Published on November 2nd, 2015 | by Padraic Coffey0
Steve Jobs review: Danny Boyle directs, but this is Aaron Sorkin’s film
Alfred Hitchcock is often attributed with having said that the three main components for making a great film are script, script and script. Oddly, none of pictures Hitchcock directed after 1932 – which amount to the vast majority of his canon – were written by the man himself. Nonetheless, few would identify classics such as Rear Window, Vertigo or North by Northwest with their screenwriters in lieu of their director. With Steve Jobs, Danny Boyle, another British director who has found great success in the United States, pilots a screenplay from one of the eminent dramatic writers of his generation, Aaron Sorkin. Does Boyle, like Hitchcock, maintain a level of supremacy over the finished product, much like the real life Steve Jobs did over his?
The answer is no. Steve Jobs feels, first and foremost, like an Aaron Sorkin film. This, however, is not to discredit Boyle, but to recognise the strength of Sorkin’s screenplay, adapted from the lengthy 656 page biographical tome of the Apple magnate, written by Walter Isaacson and published less than three weeks after Jobs’ death. The film’s near-constant tête-à-têtes are positively breathless, cramming in endless references to the history of Apple, its products, its developers, its shareholders and every conceivable angle that a two-hour film could manage. Whatever critical adjectives could be levelled at Steve Jobs as a film, ‘dull’ is not one of them.
The film is centred around three key product launches with which Steve Jobs was involved: the Macintosh in 1984, the NeXT box (produced while Jobs was on involuntary hiatus from his own company) in 1988, and the iMac in 1998. Other events are briefly incorporated through incredibly skilful use of flashback. One of the highlights of the film is Jobs (Michael Fassbender) thrashing out his differences with then Apple CEO John Sculley (Jeff Daniels) in 1988, crosscut with a tumultuous meeting with the board of Apple years previously which resulted in Jobs’ dismissal. Most of the major players in Jobs’ life – Steve Wozniak, the frequently undermined co-founder of Apple; Joanna Hoffman, the marketing executive attempting to reign in Jobs from his most hubristic impulses – are given enough screen time to sketch out their characters with some depth, though others, like Chrissan Brennan (Katherine Waterston), with whom Jobs fathered a daughter he refused to acknowledge, are less favourably serviced.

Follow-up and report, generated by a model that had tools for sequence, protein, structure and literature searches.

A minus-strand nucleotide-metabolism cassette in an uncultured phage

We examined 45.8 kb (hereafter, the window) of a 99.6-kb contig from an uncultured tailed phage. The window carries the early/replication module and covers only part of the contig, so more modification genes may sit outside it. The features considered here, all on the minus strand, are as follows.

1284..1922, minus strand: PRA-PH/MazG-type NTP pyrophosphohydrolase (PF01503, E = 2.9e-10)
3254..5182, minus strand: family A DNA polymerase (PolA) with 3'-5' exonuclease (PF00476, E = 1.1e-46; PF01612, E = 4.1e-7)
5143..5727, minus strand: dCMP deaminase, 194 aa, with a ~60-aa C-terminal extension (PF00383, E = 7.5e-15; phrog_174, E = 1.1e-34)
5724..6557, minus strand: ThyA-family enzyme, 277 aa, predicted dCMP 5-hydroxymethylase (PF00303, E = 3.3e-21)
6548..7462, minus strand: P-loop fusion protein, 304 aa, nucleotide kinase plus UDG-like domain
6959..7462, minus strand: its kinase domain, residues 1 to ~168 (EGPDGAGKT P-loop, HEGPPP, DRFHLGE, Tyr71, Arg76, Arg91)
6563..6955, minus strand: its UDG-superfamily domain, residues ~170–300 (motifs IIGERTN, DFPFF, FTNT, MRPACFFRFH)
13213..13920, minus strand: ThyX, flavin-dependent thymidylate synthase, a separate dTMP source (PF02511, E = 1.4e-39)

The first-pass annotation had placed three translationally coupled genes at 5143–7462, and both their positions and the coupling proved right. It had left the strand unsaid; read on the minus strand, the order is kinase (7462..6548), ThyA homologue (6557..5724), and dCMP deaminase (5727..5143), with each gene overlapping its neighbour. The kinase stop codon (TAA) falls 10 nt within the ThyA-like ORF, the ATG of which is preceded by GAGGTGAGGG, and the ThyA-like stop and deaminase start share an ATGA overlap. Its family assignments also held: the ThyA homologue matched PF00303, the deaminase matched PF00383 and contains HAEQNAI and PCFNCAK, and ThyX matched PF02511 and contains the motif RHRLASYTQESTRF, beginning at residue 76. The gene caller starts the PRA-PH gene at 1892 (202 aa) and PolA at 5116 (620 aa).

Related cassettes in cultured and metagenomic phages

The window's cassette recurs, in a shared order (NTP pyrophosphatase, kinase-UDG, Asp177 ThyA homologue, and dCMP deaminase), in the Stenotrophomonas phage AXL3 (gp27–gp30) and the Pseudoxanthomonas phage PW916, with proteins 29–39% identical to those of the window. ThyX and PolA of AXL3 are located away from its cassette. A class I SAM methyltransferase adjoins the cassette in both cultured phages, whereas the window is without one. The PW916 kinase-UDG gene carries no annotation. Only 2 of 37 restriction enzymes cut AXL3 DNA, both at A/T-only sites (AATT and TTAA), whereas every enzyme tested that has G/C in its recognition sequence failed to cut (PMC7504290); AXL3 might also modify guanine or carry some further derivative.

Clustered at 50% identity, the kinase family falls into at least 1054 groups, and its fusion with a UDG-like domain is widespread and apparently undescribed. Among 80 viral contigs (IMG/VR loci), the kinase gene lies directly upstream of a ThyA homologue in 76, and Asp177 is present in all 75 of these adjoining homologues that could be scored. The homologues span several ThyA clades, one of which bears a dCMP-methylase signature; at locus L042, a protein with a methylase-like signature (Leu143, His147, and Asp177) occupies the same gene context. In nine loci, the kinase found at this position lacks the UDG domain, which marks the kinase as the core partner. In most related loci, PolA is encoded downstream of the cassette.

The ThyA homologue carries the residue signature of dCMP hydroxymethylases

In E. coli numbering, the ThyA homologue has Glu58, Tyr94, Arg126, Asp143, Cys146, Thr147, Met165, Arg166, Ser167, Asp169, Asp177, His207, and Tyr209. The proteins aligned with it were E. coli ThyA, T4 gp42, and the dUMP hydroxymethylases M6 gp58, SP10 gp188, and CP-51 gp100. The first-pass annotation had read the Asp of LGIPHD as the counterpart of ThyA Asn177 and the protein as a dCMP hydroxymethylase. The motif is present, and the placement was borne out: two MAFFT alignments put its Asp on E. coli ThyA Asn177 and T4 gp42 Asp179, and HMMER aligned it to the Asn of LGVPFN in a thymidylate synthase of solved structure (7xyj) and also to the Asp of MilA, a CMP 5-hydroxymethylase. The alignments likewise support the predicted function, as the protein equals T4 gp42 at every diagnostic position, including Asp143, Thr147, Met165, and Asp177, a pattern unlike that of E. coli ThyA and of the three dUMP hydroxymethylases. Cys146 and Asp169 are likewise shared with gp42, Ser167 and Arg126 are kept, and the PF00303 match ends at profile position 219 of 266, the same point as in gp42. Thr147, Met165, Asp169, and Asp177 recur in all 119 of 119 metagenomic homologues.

Certainly, Boyle has a formidable cast at his disposal. Fassbender is given perhaps his greatest leading role yet. Jobs is far more likely a character to attract mainstream attention than Bobby Sands, the IRA hunger striker, in Hunger, or Carl Jung, the psychotherapist, in A Dangerous Method. Though Fassbender is already well-known to audiences for his work in the X-Men franchise (a fleeting reference to a Children’s School for the Gifted may even be an in-joke for fans), this may propel his stardom even further. Kate Winslet is equally good as Hoffman, though her Polish accent increases and decreases in strength at certain points of the film. Seth Rogen seems to have taken a leaf out of frequent co-star Jonah Hill’s book by appearing in a supporting role outside his comedic comfort zone (Hill was nominated for Best Supporting Actor in Moneyball, a film co-scripted by Aaron Sorkin).
Boyle’s films are often driven by plot (Shallow Grave, Trance, Slumdog Millionaire) but Steve Jobs less so. Jobs’ premature death at age 56 from a pancreatic tumour – with which no viewer will be unfamiliar – is not not even referenced through the traditional tell-don’t-show method of screen captions. There are poignant revelations, such as those concerning Jobs’ parentage, but overall the film is a character study, with little of the visual kineticism with which Boyle has come to be associated. The frequent tracking shots recall television’s The West Wing (of which Sorkin was the creator), and Boyle cleverly uses different film stocks for each era, so that a sudden cut to an earlier event will seem naturally grainier and therefore infused with a sense of wistfulness. An exception to Boyle’s restraint behind the camera is a typically pulsating montage – scored somewhat anachronistically by The Libertines – in which the ratio gradually narrows to replicate the cropped image of an upright iPhone video. It’s a reminder of the legacy Jobs left on the world, and its estimated 1.4 billion smartphone users.
Steve Jobs is released in the UK and Ireland on 13th November.